# Bandwidth Efficiency

System spectral efficiency or area spectral efficiency In digital wireless networks, the system spectral efficiency or area spectral efficiency is typically measured in bit/s/Hz/area unit [(bit/s)/Hz per unit area], bit/s/Hz/cell [(bit/s)/Hz per cell] or bit/s/Hz/site [(bit/s)/Hz per site]. It is a measure of the quantity of users or services that can be simultaneously supported by a limited radio frequency bandwidth in a defined geographic area. It may for example be defined as the maximum throughput or goodput, summed over all users in the system, divided by the channel bandwidth. This measure is affected not only by the single user transmission technique, but also by multiple access schemes and radio resource management techniques utilized. It can be substantially improved by dynamic radio resource management. If it is defined as a measure of the maximum goodput, retransmissions due to co-channel interference and collisions are excluded. Higher-layer protocol overhead (above the media access control sublayer) is normally neglected.

- Example 6: In a cellular system based on frequency-division multiple access (FDMA) with a fixed channel allocation (FCA) cellplan using a frequency reuse factor of 4, each base station has access to 1/4 of the total available frequency spectrum. Thus, the maximum possible system spectral efficiency in bit/s/Hz/site is 1/4 of the link spectral efficiency. Each base station may be divided into 3 cells by means of 3 sector antennas, also known as a 4/12 reuse pattern. Then each cell has access to 1/12 of the available spectrum, and the system spectral efficiency in bit/s/Hz/cell or bit/s/Hz/sector is 1/12 of the link spectral efficiency.

The system spectral efficiency of a cellular network may also be expressed as the maximum number of simultaneous phone calls per area unit over 1 MHz frequency spectrum in (E/MHz)/cell (erlangs per megahertz per cell), (E/MHz)/sector, (E/MHz)/site, or (E/MHz)/km². This measure is also affected by the source coding (data compression) scheme. It may be used in analog cellular networks as well. Low link spectral efficiency in (bit/s)/Hz does not necessarily mean that an encoding scheme is inefficient from a system spectral efficiency point of view. As an example, consider Code Division Multiplexed Access (CDMA) spread spectrum, which is not a particularly spectral efficient encoding scheme when considering a single channel or single user. However, the fact that one can “layer” multiple channels on the same frequency band means that the system spectrum utilization for a multi-channel CDMA system can be very good.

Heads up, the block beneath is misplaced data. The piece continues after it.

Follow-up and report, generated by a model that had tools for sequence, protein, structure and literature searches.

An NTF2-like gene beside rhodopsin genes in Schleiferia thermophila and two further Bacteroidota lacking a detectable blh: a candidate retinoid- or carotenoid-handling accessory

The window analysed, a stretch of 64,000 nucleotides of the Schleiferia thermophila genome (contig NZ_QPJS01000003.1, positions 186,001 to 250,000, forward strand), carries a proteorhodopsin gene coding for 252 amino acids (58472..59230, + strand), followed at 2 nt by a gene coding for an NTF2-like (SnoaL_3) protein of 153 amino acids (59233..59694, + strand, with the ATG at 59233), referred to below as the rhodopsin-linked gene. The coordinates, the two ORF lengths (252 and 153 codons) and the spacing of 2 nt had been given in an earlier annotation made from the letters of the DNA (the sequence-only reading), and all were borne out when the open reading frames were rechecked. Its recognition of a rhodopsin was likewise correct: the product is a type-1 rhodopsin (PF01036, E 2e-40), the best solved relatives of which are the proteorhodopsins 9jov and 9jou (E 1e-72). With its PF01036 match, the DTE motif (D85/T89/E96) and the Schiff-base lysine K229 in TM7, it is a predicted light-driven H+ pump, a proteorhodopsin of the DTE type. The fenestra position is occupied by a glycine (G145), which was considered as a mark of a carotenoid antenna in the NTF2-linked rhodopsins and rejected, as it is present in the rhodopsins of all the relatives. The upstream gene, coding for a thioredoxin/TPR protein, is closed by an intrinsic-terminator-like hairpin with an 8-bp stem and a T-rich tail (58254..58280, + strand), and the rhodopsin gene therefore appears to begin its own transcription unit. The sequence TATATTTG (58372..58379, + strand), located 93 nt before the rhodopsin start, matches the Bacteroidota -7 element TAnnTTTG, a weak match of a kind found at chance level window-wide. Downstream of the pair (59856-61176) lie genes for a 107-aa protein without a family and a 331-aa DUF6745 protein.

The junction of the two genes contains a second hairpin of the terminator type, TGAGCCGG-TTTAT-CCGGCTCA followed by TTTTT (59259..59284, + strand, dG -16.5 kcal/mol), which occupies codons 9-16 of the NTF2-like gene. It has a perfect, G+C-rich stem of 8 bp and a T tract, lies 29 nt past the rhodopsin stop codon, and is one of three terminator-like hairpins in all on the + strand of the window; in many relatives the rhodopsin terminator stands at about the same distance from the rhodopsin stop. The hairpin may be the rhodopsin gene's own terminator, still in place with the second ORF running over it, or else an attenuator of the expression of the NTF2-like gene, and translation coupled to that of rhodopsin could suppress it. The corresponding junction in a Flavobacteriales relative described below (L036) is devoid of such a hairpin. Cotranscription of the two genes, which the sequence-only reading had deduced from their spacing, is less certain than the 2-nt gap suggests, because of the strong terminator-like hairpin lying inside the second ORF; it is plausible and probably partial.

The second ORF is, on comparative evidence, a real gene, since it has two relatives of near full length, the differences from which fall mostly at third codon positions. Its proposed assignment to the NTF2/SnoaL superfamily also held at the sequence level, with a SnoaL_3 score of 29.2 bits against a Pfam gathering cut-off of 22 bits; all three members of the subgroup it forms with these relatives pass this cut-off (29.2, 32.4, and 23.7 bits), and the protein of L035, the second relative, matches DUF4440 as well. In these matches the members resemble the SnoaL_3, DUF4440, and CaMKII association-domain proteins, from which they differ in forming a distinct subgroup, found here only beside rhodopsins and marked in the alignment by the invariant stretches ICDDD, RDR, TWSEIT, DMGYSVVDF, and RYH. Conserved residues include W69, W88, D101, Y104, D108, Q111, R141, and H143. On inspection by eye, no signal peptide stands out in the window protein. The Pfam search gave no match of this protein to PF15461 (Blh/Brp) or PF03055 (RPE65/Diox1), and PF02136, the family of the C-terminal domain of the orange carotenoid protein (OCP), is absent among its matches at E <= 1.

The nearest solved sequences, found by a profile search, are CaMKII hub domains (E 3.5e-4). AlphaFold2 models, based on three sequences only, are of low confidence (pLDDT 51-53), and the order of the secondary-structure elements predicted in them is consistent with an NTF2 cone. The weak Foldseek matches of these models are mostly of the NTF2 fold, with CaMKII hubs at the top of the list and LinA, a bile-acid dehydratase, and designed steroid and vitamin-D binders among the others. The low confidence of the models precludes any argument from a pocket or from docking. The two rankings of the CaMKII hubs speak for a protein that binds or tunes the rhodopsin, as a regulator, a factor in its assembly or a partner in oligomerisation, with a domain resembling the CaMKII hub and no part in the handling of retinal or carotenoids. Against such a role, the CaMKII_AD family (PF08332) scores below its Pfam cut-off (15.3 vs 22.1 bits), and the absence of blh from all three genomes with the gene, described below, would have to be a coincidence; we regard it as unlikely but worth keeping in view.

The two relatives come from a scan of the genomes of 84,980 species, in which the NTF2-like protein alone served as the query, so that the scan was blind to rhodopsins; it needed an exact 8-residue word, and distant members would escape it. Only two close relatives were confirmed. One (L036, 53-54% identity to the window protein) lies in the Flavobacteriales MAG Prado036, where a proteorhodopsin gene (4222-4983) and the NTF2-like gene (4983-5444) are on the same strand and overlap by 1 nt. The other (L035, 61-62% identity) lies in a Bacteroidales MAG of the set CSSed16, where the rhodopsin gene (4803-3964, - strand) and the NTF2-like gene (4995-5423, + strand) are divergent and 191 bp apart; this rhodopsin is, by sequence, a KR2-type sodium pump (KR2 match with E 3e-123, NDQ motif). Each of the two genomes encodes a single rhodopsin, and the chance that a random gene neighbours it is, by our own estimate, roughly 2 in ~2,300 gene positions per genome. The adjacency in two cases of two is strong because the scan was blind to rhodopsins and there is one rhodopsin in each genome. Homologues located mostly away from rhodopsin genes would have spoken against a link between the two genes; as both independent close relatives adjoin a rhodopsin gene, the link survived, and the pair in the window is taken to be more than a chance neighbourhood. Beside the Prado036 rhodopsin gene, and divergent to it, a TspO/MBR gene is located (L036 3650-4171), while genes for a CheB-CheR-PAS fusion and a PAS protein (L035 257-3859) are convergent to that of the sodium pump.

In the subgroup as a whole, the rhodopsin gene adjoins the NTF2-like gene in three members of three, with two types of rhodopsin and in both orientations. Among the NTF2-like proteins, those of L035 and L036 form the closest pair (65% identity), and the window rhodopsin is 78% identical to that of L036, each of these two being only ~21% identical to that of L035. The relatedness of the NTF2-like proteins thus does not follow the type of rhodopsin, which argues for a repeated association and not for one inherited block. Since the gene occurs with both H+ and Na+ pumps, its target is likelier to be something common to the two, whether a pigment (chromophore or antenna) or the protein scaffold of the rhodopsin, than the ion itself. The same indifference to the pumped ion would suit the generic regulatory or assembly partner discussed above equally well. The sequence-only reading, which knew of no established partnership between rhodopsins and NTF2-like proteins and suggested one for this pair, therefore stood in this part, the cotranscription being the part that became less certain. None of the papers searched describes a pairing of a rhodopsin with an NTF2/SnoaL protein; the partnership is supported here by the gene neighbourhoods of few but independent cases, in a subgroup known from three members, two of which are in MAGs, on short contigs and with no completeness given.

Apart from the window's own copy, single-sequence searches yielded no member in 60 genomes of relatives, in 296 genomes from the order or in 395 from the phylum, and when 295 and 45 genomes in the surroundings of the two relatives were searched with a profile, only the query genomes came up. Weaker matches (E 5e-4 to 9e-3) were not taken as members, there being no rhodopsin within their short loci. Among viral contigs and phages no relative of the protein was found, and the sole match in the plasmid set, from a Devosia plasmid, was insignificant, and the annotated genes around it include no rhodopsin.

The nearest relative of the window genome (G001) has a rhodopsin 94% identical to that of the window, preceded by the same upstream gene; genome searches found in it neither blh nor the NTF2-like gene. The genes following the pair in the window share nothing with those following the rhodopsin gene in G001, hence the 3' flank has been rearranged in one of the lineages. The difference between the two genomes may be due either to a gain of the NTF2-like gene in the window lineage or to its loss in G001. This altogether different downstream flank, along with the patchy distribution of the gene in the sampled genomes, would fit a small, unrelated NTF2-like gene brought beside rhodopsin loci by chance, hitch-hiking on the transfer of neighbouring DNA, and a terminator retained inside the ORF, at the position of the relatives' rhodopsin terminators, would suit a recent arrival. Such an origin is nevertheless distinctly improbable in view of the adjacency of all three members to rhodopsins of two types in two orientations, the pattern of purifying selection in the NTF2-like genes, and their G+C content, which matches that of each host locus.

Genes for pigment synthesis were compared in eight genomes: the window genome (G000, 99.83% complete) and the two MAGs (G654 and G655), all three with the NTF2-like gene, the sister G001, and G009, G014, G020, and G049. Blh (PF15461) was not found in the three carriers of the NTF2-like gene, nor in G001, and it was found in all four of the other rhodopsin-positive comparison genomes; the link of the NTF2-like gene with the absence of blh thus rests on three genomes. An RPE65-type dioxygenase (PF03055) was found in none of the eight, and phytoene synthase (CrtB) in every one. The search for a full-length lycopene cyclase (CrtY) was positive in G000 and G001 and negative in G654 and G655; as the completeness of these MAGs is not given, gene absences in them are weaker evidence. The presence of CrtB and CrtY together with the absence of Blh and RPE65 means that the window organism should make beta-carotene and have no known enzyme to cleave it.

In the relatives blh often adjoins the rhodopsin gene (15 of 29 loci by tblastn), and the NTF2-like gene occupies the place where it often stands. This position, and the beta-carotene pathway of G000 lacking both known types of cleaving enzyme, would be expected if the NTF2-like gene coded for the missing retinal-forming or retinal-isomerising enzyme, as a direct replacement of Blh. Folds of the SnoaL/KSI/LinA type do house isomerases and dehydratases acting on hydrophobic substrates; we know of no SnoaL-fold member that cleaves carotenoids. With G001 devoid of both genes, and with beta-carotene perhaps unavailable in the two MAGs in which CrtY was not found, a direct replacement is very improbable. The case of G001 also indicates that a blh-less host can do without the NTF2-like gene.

- Example 7: In the W-CDMA 3G cellular system, every phone call is compressed to a maximum of 8,500 bit/s (the useful bitrate), and spread out over a 5 MHz wide frequency channel. This corresponds to a link throughput of only 8,500/5,000,000 = 0.0017 (bit/s)/Hz. Let us assume that 100 simultaneous (non-silent) simultaneous calls are possible in the same cell. Spread spectrum makes it possible to have as low a frequency reuse factor as 1, if each base station is divided into 3 cells by means of 3 directional sector antennas. This corresponds to a system spectrum efficiency of over 1 · 100 · 0.0017 = 0.17 bit/s/Hz/site, or 0.17/3 = 0.06 bit/s/Hz/cell (or bit/s/Hz/sector).

The spectral efficiency can be improved by radio resource management techniques such as efficient fixed or dynamic channel allocation, power control, link adaptation and diversity schemes. A combined fairness measure and system spectral efficiency measure is the fairly shared spectral efficiency